Leather seats lend your car a classic look. But however sturdy your leather seats may look, they need some deep cleaning. Unlike some car upholstery materials, however, leather is quite sensitive. Cleaning must remove all tough germs, but be especially gentle on the leather material. Good thing is, toughness and gentleness can be properly balanced. Here’s how to do this.
- Gather your tools. Foremost, you need to prepare all your tools for this cleaning task. You need vacuum cleaner, microfiber cloths, fine steel wool, small pail of water, leather conditioner, and leather cleaner. If you don’t have leather cleaner, you can also use a very mild bar soap.
- Vacuum the loose dirt particles. Begin the cleaning process by vacuuming the leather seats. Make sure to run the vacuum from edges to edges to remove all loose particles. If you prefer, you can also use a paint brush for this. Using a paint brush, however, will take much more time to complete, but it is as effective as, if not more effective than, using a vacuum. This is since you can have close contact with the leather and can better remove the dirt that has stuck into the leather grooves. In any case, though, you can choose to use both tools. Vacuum the leather seats first and then brush whatever dirt the vacuum has missed.
- Wipe the leather seats. Dip one microfiber into the water, and then begin to wipe the leather seats with it. You need to run your damp cloth over any buildups and stains. You don’t necessarily have to remove them at once, because you will get to it later in the next step. Your goal, though, is to at least soften the buildups and stains to make them easier to remove.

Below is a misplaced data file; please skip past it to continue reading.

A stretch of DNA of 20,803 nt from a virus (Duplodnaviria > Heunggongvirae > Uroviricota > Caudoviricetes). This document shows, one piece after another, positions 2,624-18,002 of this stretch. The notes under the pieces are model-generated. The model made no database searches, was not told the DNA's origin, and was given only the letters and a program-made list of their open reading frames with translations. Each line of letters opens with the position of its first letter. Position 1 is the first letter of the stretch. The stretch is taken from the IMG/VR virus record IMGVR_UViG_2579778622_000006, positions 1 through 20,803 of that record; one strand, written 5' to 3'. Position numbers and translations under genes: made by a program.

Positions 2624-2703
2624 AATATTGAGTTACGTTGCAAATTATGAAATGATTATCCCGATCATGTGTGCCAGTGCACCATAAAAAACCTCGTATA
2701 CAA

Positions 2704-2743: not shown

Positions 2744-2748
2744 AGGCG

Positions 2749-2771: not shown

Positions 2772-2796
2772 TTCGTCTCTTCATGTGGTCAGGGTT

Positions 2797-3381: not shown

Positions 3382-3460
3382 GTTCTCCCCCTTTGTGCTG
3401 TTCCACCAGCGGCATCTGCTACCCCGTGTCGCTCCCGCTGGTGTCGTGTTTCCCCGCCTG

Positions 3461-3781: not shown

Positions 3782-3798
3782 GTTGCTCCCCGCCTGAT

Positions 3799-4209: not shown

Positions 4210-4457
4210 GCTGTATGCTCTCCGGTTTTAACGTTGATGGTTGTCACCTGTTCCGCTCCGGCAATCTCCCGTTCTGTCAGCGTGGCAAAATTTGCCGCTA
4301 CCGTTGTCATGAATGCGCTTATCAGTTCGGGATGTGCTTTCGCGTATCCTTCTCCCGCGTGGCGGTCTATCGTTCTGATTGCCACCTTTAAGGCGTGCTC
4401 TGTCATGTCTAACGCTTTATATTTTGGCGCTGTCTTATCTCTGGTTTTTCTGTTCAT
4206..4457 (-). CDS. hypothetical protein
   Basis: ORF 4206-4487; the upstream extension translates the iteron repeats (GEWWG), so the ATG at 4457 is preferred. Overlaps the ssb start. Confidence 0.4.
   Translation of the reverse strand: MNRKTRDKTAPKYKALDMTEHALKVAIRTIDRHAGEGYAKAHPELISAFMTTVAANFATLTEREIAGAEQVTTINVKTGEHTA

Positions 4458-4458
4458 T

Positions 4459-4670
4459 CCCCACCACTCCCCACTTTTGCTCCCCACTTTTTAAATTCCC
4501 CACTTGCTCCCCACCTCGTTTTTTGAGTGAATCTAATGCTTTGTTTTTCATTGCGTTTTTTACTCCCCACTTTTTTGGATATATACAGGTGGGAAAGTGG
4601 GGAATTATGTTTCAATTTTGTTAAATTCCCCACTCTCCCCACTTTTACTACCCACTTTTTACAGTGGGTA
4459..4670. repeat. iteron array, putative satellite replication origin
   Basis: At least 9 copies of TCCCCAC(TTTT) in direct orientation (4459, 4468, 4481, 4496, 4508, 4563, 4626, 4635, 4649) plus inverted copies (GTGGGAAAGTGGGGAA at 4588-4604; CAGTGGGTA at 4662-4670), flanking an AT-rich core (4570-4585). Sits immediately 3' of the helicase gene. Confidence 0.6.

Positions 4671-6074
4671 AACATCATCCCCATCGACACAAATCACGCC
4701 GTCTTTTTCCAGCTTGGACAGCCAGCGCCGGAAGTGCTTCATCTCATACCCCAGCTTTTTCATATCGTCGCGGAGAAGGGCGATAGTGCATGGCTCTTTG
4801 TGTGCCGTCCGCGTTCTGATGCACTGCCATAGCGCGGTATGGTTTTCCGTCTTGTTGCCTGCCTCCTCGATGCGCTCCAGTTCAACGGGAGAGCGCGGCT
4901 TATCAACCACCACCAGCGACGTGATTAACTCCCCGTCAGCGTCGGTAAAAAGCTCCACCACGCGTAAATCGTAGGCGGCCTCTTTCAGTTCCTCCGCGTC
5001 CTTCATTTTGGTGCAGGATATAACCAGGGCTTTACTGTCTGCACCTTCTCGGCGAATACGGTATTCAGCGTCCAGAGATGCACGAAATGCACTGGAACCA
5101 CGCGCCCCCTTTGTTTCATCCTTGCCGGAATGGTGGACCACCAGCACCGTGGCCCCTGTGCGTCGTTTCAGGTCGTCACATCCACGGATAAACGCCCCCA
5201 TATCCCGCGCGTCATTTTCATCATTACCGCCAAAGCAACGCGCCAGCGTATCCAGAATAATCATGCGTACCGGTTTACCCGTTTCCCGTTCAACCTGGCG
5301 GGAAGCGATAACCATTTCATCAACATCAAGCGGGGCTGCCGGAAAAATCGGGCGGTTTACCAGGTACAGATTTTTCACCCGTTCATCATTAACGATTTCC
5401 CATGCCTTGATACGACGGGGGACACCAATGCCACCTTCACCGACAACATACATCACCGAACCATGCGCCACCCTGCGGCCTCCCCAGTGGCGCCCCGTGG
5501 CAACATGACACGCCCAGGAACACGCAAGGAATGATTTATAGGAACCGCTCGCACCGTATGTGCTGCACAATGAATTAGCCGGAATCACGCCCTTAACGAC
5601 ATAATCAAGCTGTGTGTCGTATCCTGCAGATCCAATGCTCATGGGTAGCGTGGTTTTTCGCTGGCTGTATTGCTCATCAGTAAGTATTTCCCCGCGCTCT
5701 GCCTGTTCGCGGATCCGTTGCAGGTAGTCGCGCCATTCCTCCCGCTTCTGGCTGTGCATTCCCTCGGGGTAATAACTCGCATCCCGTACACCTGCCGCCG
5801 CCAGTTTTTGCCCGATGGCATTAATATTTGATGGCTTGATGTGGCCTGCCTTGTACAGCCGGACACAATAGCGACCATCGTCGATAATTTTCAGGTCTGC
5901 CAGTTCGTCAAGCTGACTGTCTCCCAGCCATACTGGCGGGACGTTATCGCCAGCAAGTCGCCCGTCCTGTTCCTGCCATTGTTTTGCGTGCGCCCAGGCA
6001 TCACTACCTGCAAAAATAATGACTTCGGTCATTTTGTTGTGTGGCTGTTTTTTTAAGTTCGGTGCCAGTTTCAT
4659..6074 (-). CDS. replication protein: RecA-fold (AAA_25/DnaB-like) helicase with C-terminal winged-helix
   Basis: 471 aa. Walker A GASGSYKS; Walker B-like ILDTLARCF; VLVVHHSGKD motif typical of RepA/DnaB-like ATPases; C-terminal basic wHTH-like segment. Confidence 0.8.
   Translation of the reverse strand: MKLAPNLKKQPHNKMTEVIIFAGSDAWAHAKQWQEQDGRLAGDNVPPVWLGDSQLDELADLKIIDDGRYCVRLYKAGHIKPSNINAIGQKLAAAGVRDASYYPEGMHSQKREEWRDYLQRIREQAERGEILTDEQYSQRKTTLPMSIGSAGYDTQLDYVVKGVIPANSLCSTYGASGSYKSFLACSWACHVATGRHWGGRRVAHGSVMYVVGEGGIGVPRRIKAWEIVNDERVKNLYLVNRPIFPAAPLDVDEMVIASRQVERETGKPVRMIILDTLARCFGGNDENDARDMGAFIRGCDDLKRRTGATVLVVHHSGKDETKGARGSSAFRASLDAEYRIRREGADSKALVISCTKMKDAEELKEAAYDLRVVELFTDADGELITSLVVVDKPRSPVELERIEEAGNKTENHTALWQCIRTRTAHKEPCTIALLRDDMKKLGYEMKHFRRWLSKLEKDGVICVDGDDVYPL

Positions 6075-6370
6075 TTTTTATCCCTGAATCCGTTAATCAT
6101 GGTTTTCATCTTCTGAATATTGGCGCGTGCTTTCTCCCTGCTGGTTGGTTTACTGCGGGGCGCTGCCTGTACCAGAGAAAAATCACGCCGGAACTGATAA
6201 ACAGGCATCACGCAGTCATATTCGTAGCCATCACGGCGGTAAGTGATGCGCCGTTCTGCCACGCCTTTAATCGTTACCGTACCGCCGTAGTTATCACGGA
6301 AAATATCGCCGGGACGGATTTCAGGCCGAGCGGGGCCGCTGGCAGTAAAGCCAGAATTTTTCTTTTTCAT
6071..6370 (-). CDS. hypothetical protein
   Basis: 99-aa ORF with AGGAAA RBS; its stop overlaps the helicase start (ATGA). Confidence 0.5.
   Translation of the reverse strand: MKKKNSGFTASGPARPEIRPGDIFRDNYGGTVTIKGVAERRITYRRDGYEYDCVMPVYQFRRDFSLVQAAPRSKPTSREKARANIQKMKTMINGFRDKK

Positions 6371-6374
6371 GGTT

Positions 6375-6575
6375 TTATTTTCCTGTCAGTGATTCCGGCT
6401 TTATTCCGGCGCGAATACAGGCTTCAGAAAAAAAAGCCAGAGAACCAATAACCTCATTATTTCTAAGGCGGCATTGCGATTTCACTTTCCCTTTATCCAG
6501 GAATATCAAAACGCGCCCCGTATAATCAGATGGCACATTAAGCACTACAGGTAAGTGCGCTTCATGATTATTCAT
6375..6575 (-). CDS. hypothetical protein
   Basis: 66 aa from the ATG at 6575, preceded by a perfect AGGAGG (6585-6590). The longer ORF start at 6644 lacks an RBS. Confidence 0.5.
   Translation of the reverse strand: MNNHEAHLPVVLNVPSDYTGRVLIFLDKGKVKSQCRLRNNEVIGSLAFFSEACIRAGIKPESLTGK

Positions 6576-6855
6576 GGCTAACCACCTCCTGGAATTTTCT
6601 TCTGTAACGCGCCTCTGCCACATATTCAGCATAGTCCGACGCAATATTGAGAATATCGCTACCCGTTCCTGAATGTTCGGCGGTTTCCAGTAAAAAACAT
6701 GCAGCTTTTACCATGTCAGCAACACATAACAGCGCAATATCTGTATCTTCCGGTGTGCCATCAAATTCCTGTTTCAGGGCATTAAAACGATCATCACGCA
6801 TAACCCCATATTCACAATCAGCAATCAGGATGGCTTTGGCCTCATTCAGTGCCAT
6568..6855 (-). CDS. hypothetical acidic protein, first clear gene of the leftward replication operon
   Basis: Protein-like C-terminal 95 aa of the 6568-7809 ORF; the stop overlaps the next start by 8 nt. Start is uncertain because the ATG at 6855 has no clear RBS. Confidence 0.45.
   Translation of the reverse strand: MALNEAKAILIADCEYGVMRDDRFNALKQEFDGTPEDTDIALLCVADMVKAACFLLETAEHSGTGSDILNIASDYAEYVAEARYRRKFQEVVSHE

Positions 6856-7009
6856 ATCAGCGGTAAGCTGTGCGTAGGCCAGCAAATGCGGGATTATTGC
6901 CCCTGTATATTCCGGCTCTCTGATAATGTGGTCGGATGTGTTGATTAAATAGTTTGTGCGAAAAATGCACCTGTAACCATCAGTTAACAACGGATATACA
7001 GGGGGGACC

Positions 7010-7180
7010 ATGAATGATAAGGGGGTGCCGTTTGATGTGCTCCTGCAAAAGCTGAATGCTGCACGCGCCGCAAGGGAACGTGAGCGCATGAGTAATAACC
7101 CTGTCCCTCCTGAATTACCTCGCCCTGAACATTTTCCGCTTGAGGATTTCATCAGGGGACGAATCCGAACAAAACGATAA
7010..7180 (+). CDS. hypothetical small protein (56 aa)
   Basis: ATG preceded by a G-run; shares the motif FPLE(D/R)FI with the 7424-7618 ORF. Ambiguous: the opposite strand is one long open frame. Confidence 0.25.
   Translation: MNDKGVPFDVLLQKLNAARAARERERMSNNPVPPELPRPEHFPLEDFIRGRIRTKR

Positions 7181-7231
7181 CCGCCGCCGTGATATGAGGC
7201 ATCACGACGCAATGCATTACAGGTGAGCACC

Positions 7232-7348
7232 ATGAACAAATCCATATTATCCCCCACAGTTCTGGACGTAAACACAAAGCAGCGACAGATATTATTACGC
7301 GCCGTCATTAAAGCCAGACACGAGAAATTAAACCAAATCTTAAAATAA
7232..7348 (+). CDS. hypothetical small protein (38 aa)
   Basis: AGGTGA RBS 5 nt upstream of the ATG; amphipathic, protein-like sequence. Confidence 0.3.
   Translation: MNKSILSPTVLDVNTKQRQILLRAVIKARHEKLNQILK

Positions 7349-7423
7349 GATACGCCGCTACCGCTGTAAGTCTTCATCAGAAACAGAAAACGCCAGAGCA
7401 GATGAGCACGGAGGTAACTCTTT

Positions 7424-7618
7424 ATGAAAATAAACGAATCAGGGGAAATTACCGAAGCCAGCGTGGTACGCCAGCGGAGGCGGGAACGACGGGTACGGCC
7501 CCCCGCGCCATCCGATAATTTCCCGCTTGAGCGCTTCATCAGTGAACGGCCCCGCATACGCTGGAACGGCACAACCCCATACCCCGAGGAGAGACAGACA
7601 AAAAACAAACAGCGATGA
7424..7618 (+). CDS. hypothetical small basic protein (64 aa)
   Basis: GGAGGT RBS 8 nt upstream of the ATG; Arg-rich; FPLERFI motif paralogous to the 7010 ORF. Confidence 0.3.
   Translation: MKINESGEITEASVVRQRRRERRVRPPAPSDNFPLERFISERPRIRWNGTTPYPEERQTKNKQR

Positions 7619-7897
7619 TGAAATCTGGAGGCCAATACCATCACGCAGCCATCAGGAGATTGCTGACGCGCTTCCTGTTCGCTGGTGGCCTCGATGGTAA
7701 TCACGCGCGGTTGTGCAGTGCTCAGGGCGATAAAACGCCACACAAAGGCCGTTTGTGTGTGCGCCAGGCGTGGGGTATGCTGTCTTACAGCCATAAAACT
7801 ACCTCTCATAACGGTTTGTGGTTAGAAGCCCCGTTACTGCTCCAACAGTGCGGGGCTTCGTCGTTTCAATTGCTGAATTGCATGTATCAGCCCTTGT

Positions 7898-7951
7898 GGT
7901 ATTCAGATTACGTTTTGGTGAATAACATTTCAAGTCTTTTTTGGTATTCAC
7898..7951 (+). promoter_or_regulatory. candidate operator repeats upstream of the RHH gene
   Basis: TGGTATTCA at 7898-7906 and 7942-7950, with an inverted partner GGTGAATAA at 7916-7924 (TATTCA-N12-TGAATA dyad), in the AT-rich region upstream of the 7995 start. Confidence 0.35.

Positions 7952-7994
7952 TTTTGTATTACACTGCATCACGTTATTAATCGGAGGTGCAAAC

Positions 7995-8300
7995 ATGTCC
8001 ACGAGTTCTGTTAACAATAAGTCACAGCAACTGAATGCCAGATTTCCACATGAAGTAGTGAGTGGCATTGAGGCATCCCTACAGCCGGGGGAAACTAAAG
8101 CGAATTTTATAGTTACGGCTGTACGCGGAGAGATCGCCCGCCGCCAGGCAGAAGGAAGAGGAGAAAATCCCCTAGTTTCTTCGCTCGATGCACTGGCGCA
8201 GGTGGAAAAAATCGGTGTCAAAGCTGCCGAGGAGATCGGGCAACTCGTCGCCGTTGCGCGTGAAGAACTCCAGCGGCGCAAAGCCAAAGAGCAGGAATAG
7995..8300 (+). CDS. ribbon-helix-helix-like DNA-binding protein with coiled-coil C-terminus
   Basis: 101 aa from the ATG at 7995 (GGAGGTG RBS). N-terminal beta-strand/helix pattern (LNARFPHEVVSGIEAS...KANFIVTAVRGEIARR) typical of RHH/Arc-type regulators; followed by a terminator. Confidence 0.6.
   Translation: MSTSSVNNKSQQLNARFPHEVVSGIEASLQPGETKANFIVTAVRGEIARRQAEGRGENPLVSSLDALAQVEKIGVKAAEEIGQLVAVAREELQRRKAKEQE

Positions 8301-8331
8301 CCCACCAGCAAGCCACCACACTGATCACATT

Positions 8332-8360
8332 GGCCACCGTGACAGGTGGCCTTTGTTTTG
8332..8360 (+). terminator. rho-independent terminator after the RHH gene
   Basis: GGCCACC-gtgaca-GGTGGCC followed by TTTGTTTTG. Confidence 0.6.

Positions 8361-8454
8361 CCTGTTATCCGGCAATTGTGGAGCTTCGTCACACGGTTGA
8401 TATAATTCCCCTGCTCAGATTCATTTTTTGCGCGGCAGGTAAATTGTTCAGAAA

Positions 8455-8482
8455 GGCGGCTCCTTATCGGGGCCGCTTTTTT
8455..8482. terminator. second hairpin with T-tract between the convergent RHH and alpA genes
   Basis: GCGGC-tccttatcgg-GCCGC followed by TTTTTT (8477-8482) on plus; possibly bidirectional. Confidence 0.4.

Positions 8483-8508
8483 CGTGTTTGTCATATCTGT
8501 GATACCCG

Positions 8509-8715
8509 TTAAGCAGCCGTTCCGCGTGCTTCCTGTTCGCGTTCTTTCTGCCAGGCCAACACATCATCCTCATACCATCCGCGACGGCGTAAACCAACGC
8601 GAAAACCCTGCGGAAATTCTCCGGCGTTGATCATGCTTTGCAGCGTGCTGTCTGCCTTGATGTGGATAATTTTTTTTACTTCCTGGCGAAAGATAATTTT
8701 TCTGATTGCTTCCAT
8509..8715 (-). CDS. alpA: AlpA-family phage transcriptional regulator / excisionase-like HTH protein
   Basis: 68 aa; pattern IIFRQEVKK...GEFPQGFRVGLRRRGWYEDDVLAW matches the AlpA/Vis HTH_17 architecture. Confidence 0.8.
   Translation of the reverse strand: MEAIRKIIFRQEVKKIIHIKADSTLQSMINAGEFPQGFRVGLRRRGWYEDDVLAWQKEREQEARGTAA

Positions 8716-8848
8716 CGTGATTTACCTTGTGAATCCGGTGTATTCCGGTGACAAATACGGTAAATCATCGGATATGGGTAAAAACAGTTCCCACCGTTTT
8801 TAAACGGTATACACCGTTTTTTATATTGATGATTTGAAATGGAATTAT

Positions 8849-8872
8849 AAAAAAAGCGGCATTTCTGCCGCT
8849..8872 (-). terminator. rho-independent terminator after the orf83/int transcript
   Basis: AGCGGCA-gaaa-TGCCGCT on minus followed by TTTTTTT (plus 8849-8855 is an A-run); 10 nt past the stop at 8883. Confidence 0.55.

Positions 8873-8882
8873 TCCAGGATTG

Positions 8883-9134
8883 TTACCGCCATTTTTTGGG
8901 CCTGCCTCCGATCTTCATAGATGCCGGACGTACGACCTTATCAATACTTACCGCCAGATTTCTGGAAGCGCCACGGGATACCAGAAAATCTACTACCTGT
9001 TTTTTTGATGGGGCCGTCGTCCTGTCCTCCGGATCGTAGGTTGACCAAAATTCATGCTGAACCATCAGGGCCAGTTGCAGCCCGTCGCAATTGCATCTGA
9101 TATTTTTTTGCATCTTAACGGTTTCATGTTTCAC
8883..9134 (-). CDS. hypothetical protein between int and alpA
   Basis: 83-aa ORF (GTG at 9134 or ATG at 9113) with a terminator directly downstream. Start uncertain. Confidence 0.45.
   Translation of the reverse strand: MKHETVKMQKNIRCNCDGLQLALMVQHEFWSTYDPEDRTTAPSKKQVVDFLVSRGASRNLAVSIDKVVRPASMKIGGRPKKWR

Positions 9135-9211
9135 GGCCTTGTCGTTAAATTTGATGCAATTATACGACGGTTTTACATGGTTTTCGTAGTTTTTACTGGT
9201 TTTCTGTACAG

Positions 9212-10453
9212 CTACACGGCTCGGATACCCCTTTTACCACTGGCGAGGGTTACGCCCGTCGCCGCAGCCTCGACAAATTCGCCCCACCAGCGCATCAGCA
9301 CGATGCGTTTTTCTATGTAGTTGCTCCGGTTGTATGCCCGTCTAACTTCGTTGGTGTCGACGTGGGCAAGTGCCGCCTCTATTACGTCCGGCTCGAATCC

- Use your leather cleaner. Grab a new microfiber cloth. Spray onto it a generous amount of leather cleaner. Then, begin to wipe the leather seats. Concentrate on one small area first, removing any stubborn dirt and stain. Then, proceed to another section until you have completed the entire leather seat. If a stubborn dirt or stain remains, use the fine steel wool to scrub it off. The leather dye should not come off as you scrub; if it does, discontinue scrubbing. In place of leather cleaner, you can also use a mild bar soap. Mix it with water and use it in the same way you would leather cleaner.
- Wipe off the cleaner. When you are sure all dirt and stain are gone, get another microfiber cloth and use it to remove the cleaner on the leather seats. Then dry the leather seats by wiping them with another dry microfiber cloth.
- Apply leather conditioner. Your leather seats will be stripped of oil during cleaning, so you need to replace the oil by applying leather conditioner. With enough oil, your leather is protected from cracking and tear. To apply, simply put a small amount of leather conditioner directly on the seats, and with a clean microfiber cloth, spread the conditioner onto the other parts. Rub continuously to allow the conditioner to permeate the leather material. Just remember to use leather conditioner that is specifically made for your type of leather.
And now you are done! All you need to do now is to maintain your leather seats regularly. Of course, you can’t completely avoid the buildup of stain and dirt, but at least try to remove them immediately.